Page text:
In this part of the workshop, we will be looking at how to sense when an event occurs in the real world.

By the end of this section, you should be able to demonstrate how to complete the following:

  1. Wire a tactile push button correctly to the Raspberry Pi.
  2. Extend a prototype on a breadboard.

Switches

These push buttons are a simple type of switch that allows an electronic circuit to sense a binary event in the real world (on or off).

The switches we are using today (tactile push buttons) are not like a light switch you'd finder in your house; they're more like door buzzer buttons.

Button

We’re going to add our push button to sense a physical command.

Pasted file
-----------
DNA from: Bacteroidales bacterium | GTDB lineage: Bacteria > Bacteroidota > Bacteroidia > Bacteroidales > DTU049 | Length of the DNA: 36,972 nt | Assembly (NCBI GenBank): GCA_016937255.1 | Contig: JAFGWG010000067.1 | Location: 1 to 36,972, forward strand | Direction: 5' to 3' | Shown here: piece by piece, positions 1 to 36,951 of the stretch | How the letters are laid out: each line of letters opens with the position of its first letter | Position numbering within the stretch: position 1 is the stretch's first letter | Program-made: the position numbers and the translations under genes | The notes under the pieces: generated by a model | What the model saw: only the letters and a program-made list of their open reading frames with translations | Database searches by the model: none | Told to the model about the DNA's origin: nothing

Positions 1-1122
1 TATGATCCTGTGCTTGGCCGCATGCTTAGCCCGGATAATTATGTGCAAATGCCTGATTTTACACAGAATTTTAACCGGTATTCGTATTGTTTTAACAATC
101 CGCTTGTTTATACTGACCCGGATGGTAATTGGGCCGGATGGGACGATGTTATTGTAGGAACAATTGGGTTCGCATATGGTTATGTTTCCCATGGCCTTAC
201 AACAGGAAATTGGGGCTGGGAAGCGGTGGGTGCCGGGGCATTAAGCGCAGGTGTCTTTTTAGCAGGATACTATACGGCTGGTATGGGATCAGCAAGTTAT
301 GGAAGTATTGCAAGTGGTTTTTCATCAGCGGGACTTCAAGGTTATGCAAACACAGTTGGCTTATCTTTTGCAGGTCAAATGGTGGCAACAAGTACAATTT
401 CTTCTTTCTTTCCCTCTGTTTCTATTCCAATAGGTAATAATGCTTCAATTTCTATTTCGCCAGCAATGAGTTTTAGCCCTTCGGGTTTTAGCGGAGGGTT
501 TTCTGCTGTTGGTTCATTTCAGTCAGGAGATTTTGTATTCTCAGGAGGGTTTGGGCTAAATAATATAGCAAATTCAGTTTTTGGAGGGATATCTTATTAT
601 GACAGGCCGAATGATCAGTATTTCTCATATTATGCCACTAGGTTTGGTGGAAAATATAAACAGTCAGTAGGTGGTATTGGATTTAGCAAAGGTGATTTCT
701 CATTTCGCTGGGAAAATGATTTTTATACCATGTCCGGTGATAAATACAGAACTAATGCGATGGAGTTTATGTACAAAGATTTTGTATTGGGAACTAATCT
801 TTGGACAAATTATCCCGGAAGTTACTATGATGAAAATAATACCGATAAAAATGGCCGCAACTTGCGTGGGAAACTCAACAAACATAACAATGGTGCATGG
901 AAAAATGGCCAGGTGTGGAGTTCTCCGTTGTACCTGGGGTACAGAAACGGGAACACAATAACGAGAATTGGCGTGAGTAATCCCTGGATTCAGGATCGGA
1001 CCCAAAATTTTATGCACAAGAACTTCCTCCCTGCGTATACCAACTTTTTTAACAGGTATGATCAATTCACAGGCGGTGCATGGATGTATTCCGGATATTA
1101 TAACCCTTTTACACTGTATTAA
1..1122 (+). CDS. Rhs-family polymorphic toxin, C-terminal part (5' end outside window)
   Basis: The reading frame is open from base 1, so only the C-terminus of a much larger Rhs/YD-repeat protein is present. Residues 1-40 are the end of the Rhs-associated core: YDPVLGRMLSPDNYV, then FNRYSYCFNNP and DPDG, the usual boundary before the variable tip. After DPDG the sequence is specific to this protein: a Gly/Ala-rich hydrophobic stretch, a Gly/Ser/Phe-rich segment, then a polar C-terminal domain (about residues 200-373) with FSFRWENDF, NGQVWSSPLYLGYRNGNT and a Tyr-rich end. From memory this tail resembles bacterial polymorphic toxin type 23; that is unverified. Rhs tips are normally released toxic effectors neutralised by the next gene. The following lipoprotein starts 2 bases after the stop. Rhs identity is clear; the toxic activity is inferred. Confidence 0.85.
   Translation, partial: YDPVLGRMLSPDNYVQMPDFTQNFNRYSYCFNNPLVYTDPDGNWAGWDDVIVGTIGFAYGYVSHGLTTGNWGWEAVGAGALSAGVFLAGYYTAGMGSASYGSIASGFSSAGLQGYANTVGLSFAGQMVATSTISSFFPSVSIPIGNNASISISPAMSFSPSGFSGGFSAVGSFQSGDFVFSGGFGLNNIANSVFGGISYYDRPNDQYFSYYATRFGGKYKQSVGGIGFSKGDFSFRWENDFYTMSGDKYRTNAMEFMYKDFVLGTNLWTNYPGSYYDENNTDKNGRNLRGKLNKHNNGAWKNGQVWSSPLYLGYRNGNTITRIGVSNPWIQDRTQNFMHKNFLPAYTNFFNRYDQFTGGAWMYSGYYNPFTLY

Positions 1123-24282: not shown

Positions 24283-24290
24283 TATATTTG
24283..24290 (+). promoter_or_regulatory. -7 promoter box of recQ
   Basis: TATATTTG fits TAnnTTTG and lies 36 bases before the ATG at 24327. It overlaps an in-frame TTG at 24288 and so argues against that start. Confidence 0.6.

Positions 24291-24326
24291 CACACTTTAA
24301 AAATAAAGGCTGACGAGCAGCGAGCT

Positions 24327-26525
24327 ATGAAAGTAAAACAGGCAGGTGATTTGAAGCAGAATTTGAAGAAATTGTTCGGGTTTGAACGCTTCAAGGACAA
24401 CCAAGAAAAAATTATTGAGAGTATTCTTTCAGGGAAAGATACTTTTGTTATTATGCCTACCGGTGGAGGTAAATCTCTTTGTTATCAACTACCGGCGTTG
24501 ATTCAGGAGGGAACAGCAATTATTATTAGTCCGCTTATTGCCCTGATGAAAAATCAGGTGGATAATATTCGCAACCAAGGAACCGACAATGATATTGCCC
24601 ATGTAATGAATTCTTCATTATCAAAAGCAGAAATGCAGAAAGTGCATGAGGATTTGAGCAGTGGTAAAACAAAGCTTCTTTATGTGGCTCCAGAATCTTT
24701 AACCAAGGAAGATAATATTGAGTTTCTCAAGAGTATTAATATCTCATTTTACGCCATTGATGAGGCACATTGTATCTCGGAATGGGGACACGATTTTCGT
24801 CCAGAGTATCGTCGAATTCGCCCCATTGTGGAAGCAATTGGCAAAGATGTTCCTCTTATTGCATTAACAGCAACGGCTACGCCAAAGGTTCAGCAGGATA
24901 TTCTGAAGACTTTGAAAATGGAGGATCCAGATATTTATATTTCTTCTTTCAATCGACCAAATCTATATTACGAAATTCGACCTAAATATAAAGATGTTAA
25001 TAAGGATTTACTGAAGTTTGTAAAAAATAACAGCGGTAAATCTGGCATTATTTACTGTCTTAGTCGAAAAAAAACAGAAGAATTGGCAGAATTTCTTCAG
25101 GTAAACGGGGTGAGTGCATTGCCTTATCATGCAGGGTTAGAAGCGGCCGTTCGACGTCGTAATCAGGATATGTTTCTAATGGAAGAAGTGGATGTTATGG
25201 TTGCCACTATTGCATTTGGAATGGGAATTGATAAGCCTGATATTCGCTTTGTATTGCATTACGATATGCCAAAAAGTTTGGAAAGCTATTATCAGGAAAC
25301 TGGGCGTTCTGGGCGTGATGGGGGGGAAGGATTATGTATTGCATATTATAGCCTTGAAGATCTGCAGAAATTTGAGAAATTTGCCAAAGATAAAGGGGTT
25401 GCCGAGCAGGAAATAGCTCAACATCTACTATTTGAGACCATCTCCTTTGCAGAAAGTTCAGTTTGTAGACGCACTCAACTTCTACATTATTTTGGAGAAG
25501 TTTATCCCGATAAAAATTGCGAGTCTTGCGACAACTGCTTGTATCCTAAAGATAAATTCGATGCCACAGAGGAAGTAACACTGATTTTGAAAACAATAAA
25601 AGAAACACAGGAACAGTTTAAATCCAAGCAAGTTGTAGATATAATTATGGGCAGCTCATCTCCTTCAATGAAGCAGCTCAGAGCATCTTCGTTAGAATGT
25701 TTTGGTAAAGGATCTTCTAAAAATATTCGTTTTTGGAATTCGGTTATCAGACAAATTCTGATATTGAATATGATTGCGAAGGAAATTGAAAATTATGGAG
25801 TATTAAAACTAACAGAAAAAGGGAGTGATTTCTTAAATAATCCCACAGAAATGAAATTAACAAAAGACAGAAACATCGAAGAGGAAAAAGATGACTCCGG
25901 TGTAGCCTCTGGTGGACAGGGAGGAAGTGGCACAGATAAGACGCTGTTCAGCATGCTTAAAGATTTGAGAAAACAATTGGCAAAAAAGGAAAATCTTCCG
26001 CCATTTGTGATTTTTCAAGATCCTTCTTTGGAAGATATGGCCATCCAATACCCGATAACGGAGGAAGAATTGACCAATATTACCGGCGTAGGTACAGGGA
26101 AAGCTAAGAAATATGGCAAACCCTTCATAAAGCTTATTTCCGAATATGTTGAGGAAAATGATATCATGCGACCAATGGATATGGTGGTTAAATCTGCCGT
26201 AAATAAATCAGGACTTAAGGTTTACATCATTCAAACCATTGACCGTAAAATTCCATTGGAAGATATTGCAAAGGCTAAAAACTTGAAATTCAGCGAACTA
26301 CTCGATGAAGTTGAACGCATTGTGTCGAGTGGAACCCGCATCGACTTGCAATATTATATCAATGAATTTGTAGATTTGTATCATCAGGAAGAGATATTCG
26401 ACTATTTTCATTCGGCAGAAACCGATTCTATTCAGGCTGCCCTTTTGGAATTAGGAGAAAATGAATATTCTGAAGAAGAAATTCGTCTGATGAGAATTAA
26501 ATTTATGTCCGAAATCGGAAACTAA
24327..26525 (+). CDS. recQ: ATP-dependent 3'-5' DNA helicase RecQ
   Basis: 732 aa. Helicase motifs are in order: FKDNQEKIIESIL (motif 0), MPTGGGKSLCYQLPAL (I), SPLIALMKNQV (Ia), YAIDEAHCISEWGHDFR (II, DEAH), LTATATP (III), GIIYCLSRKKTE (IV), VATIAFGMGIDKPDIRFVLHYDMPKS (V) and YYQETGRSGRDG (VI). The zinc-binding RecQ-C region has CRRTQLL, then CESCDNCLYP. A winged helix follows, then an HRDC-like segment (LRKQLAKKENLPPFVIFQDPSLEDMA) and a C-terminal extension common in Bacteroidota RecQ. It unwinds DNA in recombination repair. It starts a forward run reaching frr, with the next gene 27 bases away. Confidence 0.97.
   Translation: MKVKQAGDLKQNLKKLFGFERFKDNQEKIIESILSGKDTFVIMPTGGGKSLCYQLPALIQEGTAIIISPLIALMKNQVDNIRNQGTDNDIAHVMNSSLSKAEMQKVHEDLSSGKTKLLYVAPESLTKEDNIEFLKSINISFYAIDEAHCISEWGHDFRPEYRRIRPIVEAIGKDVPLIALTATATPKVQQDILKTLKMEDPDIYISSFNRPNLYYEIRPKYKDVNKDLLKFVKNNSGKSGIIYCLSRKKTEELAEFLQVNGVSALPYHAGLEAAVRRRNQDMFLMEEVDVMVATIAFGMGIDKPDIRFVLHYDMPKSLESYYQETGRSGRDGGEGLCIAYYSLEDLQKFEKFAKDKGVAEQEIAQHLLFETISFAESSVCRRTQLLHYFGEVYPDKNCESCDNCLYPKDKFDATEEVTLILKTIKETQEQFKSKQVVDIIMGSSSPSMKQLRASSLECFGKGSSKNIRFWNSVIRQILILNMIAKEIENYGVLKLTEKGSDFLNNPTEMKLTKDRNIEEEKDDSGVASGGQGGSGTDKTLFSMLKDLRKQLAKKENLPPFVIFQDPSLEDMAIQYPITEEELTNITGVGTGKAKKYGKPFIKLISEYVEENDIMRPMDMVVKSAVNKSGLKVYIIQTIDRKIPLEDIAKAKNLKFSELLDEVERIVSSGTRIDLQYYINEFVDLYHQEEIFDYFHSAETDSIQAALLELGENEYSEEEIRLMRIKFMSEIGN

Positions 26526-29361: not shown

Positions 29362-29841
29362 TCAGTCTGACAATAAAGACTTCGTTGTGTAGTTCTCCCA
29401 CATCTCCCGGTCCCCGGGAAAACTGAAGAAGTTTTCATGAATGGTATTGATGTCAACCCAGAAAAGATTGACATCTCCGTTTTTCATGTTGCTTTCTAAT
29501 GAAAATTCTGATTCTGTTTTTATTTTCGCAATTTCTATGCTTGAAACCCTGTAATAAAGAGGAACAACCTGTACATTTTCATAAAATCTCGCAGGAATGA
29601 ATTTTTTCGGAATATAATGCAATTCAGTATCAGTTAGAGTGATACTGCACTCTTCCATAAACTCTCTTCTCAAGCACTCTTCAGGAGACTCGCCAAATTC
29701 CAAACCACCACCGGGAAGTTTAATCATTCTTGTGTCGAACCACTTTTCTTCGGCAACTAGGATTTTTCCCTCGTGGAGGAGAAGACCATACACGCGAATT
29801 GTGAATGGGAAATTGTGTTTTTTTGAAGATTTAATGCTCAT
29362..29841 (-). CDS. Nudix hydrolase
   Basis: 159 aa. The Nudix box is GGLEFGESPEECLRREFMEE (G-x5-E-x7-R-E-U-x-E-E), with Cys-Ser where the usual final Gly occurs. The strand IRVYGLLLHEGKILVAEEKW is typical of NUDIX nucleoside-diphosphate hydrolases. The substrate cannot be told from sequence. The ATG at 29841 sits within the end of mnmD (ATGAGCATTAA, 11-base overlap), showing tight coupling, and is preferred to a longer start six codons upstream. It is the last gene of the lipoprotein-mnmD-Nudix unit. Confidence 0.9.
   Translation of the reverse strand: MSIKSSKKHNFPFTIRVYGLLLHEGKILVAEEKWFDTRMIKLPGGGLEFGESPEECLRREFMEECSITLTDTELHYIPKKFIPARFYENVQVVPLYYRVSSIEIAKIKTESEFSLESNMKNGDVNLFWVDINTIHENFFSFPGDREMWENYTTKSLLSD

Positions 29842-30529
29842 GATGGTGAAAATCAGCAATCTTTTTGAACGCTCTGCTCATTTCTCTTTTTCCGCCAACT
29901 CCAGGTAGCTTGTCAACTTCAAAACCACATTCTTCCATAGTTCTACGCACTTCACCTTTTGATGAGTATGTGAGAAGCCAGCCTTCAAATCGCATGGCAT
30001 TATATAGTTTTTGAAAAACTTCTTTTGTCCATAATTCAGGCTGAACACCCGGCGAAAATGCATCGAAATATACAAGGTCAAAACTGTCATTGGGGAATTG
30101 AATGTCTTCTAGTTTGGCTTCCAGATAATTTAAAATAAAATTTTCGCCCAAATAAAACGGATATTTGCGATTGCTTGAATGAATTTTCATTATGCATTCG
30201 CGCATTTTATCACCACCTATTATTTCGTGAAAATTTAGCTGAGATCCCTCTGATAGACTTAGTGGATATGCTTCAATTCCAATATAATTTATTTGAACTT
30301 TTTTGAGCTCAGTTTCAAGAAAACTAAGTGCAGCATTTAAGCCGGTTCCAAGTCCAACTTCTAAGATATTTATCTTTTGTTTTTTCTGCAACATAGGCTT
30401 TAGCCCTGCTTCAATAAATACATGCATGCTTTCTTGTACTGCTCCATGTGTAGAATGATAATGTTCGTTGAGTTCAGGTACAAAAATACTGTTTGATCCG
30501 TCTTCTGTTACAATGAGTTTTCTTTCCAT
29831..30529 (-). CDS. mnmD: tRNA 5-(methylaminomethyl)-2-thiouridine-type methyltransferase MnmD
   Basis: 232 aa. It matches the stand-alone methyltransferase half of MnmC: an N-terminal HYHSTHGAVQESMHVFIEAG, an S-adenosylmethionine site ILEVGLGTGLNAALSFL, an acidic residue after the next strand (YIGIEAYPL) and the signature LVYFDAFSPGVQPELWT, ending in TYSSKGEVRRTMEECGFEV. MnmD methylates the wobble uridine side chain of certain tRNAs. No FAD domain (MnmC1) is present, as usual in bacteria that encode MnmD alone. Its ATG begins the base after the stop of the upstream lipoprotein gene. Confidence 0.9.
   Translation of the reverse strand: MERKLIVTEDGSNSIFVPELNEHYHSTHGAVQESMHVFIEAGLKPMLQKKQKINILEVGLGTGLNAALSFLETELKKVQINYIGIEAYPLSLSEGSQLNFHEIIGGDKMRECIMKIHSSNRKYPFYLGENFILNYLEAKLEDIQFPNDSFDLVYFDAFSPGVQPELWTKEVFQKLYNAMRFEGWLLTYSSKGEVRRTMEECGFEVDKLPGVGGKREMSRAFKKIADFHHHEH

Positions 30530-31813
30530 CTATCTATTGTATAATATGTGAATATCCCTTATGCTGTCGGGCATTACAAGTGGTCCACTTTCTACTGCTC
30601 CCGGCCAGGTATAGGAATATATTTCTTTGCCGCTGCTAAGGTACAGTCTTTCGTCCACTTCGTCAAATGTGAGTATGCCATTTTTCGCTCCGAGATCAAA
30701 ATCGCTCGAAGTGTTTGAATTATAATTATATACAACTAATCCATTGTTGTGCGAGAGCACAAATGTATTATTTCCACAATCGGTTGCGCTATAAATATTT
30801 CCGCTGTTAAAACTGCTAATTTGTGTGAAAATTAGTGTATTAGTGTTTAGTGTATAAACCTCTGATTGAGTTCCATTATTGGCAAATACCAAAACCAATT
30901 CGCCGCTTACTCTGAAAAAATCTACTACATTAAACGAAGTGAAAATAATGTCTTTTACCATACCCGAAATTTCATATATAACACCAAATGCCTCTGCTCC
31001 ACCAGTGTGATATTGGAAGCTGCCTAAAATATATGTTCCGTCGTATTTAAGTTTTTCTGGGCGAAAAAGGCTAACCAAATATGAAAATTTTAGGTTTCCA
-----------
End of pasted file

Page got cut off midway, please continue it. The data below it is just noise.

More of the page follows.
1. Insert the tactile push button switch across the central gutter of the breadboard.
  2. Wire the Cobber pin #23 to the button leg closest to the Cobber pin.
  3. Connect your 10KΩ resistor from the right side of the button leg to the GND bus strip.
  4. Wire the button leg opposing the resistor to the power bus strip (3.3V)

Tactile push button switches

These are simple components which allow you to change the direction of electrical current.

The orange wire will take either one of two paths:

  1. When the button is not pressed, it will connect to GND (through the 10kΩ resistor); or
  2. When the button is pressed down, it will connect to GND and to 3.3V, but the 3.3V will take precedence.

Doesn’t this cause a short circuit when the button is pressed?

No – this is due to Ohm’s Law: electricity always takes the path of least resistance. Because we placed the 10kΩ resistor between the button and ground, electricity will flow to the Raspberry Pi instead of causing a short circuit.